How to Improve Your Art Business

How to Improve Your Art Business

Here are useful tips to improve your art business.

how to improve your art businessKnow Who Buys Your Art.

If your art is florals and landscapes, this is harder than if you are in a niche such as nautical art. Nonetheless, you need to define your buyers. Are they mostly women or men? Are they over 50 or under 40? Are they outdoor types who drive Jeeps, or urbanites who drive a BMW? There is nearly always some crossover, but you can bet your buyers have a sense of who they are. The more you define them, the easier it becomes to put yourself among them. And, the easier it becomes create for your audience.

sweet spot to improve your art businessWhen you find it pleasurable creating the art your collectors like to buy, you have hit the “sweet spot.”  Having as much data about your buyers will help you grow that sweet spot and your sales.

Go Where Art Collectors Go.

Whether serious or a casual art buyer, you have to find them and work to be among them. In the ethos and pathos of today’s art buying culture, it is a fundamental method to improve your art business. If you have chosen to sell direct, which is the recommended high priority for you, then you need a systematic program to put yourself in a position where you frequently meet and mingle with collectors.

This is true whether you sell art direct and in person, or digitally online. Selling art is a competitive business. Collectors and casual buyers have overwhelming choices of what art to buy, and where they buy it. Putting yourself and your artwork amongst them makes it easier for them to choose to buy your work.

Have a plan to meet serious collectors and art buyers, and folks with influence who can help you and your art career to grow in awareness and sales. The best way to do this is to be out in the community as much as possible. Active participants in the art community have more chances to sell their art. This is true locally and online. Get into local and regional art shows. Take part in open studio tours. Enter your work in juried and non-juried exhibitions, primarily targeting those with the best reputation or profile in the art community.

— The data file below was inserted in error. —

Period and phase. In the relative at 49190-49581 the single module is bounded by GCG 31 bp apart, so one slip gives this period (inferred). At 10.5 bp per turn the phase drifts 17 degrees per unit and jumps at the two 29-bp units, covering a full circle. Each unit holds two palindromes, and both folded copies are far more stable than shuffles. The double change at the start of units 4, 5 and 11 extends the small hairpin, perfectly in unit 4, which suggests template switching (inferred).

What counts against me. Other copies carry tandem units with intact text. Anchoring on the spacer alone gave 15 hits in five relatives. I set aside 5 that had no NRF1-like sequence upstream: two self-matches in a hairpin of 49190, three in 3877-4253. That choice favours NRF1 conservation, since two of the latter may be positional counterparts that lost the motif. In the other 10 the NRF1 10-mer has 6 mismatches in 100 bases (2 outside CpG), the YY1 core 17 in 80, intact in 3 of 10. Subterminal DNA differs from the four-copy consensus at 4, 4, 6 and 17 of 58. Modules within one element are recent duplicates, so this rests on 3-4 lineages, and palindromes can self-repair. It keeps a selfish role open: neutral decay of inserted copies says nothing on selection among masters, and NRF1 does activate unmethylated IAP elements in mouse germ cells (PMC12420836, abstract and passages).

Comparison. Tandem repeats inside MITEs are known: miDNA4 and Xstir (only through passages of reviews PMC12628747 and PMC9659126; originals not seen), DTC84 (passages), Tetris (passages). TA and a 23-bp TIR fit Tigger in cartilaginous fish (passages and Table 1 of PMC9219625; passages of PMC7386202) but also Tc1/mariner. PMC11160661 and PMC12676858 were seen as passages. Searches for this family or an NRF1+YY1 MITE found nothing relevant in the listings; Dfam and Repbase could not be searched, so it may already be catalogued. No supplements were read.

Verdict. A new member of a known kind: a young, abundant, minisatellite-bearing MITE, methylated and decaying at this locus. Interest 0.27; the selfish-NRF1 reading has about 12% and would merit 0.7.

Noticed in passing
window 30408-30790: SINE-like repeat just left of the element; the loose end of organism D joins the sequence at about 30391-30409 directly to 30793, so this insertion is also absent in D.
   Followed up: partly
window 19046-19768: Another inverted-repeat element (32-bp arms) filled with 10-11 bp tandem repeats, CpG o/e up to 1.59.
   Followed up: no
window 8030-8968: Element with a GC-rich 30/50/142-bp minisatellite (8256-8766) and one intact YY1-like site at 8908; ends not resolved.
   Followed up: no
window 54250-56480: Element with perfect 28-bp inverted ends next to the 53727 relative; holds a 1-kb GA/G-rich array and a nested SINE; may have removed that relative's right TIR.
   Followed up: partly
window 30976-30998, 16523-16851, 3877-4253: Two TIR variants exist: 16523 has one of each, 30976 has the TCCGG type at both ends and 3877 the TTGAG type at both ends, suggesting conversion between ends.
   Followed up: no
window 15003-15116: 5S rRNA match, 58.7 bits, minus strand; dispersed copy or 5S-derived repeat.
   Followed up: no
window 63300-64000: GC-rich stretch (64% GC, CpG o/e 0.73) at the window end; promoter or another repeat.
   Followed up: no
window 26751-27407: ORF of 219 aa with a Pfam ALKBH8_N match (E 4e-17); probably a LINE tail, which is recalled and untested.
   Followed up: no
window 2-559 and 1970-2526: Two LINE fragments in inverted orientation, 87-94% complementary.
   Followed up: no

Join LinkedIn, and Facebook groups, and other online communities that are of interest to your kind of customers. If you are in a niche, be active within the interest groups around it. Don’t just look for ways to donate art to some worthy organization. Get involved. Meet people. Make a difference in the organization or community. Doing this allows your buyers to come to you due to your contributions and participation. Selling art direct at that point, or getting referrals to qualified buyers, becomes easier and natural. All this leads to the next point.

Have A Presence And Become Known.

There’s no bad publicity except an obituary. – Brendan Behan

Today, you have the tools to shape your reputation and improve your art business. Websites, blogs, email marketing, publicity, and press releases can go a long way towards defining who you are as an artist. There are many ways to get notice on art websites and blogs. Look for opportunities for feature stories, interviews, or human-interest angles for highlighting you and your work. Become an active participant in online discussions and forums that are of interest to your target audience.

All of this, whether building a collector base, gaining publicity, or marketing your work is one at a time. What you are seeking is a cumulative effect that will raise awareness for you and your art. The steady drip of exposure is how you seep into the consciousness of potential collectors. Here is a quote from my book How to Profit from the Art Print Market,

According to an article in the Los Angeles Times Magazine, Howard Fox, a curator of the Los Angeles County Art Museum, annually attends hundreds of exhibitions and visits 50 to 60 galleries regularly. He also gets letters, emails, slides and invitations to shows, and to view websites.

Fox says he finds the incredible velocity and volume of the offerings makes it very difficult for an unknown artist to stand out with him. He believes what it takes, besides talent, is a slow, steady drip of repeated exposure to make a lasting impression. Working to master the art of publicity will be an enormous help to you in keeping frequent mention of your name in appropriate media.